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Practice Groups Part 2: Practice Group Leader as Strategist

11.28.18 | Susan Duncan

business man writing business strategy concept

It is surprising how many law firms, their leaders and partners eschew the discipline of planning and strategy. Many firms still don’t require annual plans or even the process of planning from their partners, or practice groups and many don’t even have a strategic plan for the firm. A survey conducted by Patrick McKenna and David Parnell last year called Law Firm Strategic Planning and Deployment: A Report on the State of the Art found that while the majority of firms in their survey reported engaging in strategic planning, most written plans that resulted were brief and targeted just a few priorities. They also were more internally focused than externally market-driven.

Many firms still do not have a written strategic plan and those that do don’t regularly update it or execute on it in measurable ways. In what other industry would businesses, some with revenues exceeding $2 billion, be able to operate, get funded, obtain insurance, satisfy shareholders and stakeholders without a comprehensive written plan?!

“A goal without a plan is just a wish.”
Antoine de Saint-Exupéry

“If you fail to plan, you are planning to fail!”
Benjamin Franklin

Law firm partners and even leaders often believe that doing plans is a waste of time, because things happen quickly and change constantly. They might even share stories of how their best client or new area of expertise was developed serendipitously and opportunistically.

In order for practice groups to effectively execute client and growth strategies, a disciplined approach to planning and execution that is aligned with firm strategy is necessary. A practice group leader should drive the planning process that includes the following components:

  • Internal and external analysis
  • SWOT/gap analysis
  • Client service, marketing and business development
  • Innovation around delivery, staffing, packing and pricing
  • Talent management including laterals, general hiring, training and development, retention, diversity
  • Client/partner succession
  • Development and execution of annual, measurable goals and a plan

As will be evident in the steps that follow, it would be impossible for any practice group leader to conduct all of these steps and aspects of practice management by themselves. Many firms have addressed this by:

  1. Appointing a deputy leader
  2. Assigning a business operations manager and/or business development manager
  3. Applying a distributive leadership model as an opportunity to train other junior partners (specific areas of the planning process and practice management are divvied up among several partners)

Practice Group Business Planning Process: Developing Your Strategy

Some firms jump right into developing a plan without doing any assessment of recent success and failure, impediments and threats, trends and opportunities, and perhaps most importantly soliciting input from clients on their future needs and perceptions of how your firm could or could not help satisfy those. It is essential to collect important information and context before settling on goals and strategies.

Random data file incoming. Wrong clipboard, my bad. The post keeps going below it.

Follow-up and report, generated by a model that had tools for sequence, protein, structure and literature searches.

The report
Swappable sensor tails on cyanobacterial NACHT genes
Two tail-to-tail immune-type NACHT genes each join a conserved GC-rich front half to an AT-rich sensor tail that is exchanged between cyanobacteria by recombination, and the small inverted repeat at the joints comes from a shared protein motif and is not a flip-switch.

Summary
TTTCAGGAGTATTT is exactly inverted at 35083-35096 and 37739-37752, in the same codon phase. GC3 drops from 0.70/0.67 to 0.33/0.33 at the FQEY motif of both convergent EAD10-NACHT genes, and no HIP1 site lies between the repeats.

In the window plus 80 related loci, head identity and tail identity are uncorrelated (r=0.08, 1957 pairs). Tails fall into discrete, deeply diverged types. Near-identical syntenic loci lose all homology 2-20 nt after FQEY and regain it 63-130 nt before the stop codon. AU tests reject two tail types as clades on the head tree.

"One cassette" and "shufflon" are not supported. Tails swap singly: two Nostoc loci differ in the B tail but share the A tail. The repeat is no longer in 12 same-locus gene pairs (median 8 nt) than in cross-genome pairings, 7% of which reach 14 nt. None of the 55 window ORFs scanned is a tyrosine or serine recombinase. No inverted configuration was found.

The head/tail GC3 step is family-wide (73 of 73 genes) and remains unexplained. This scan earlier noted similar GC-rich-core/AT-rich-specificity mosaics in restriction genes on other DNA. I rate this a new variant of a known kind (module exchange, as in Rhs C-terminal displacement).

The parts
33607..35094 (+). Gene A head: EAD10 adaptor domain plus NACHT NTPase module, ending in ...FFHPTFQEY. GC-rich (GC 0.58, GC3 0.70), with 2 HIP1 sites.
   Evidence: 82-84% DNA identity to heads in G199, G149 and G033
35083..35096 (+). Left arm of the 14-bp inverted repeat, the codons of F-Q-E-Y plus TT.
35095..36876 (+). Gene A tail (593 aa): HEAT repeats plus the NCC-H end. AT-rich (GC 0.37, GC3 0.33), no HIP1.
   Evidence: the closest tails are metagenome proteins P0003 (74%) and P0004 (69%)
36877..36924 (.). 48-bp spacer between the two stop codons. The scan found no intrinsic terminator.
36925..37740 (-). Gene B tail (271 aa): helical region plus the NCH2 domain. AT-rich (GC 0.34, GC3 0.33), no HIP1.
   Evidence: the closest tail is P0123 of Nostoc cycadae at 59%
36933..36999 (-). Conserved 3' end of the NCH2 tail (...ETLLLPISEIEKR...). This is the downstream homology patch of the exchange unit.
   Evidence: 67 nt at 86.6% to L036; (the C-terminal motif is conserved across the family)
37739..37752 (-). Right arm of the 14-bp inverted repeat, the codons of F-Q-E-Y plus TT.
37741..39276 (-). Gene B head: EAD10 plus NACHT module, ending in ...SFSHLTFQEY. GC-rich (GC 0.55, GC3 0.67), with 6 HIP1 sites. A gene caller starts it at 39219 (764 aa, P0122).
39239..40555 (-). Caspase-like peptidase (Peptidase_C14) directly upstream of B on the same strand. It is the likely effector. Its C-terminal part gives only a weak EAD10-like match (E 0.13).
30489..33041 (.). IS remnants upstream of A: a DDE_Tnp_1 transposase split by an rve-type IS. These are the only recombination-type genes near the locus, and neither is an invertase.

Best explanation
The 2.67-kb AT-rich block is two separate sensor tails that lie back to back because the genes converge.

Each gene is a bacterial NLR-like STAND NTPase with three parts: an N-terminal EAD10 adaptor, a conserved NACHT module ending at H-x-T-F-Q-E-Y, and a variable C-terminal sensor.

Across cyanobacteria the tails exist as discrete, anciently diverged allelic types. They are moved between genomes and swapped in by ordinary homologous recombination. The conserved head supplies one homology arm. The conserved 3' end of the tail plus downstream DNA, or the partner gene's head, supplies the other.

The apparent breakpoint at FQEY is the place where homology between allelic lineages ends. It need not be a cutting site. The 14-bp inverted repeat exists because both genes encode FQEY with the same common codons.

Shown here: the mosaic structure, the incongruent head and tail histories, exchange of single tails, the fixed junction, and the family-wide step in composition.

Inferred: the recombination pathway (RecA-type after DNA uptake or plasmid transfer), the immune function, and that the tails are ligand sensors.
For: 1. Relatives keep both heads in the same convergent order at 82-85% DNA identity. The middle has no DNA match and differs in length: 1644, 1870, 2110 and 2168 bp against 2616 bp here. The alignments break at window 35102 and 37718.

This first step in the planning process focuses primarily on an internal assessment of the skills, areas of expertise, depth and breadth of talent, staffing and delivery of services, and overall strengths and weaknesses. Specific areas of analysis include:

Core capabilities analysis: current technical knowledge/skill sets, range/depth of services and experience, technical expertise and experience gaps in segments, gaps in skills or staffing.

Innovation and service delivery: project management, process improvement, staffing models, efficiencies, tracking of metrics, knowledge repositories, and the use of automation/technology and allied service providers, new products.

Practice management analysis: internal organization and policies, work assignment and staffing, training and supervision, knowledge management and technology, quality control, new matter/client intake, team collaboration.

Client relationships, satisfaction and expansion: relationship history, relationship matrix, three-year revenue trends of practice group for top 50 PG clients, share of clients’ legal spend, exported revenue (clients/matters sent to other PGs of the firm,) revenue by clusters (industry, geographic, issue/subspecialty,) lost or dissatisfied clients, client feedback and retention, cross-selling and co-marketing involvement with other PGs or interdisciplinary teams.

Profitability and financial performance analysis: revenues, write-offs, realization and collection time, billing rates and pricing models, timekeeper utilization and leverage, profitability by service/matter type, overall profit margin of types of work/clients (our next blog post addresses PG financial performance management in detail.)

Marketing and business development effectiveness: sources of business, prospect pipeline tracking, RFP and pitch process, referral sources, successes/failures, branding/positioning, industry and business conferences, events and sponsorships, entertainment, support, strengths and weaknesses and ROI.

Cross-practice opportunities: other PGs that routinely refer work, industry groups, cross-specialty practice services and opportunities.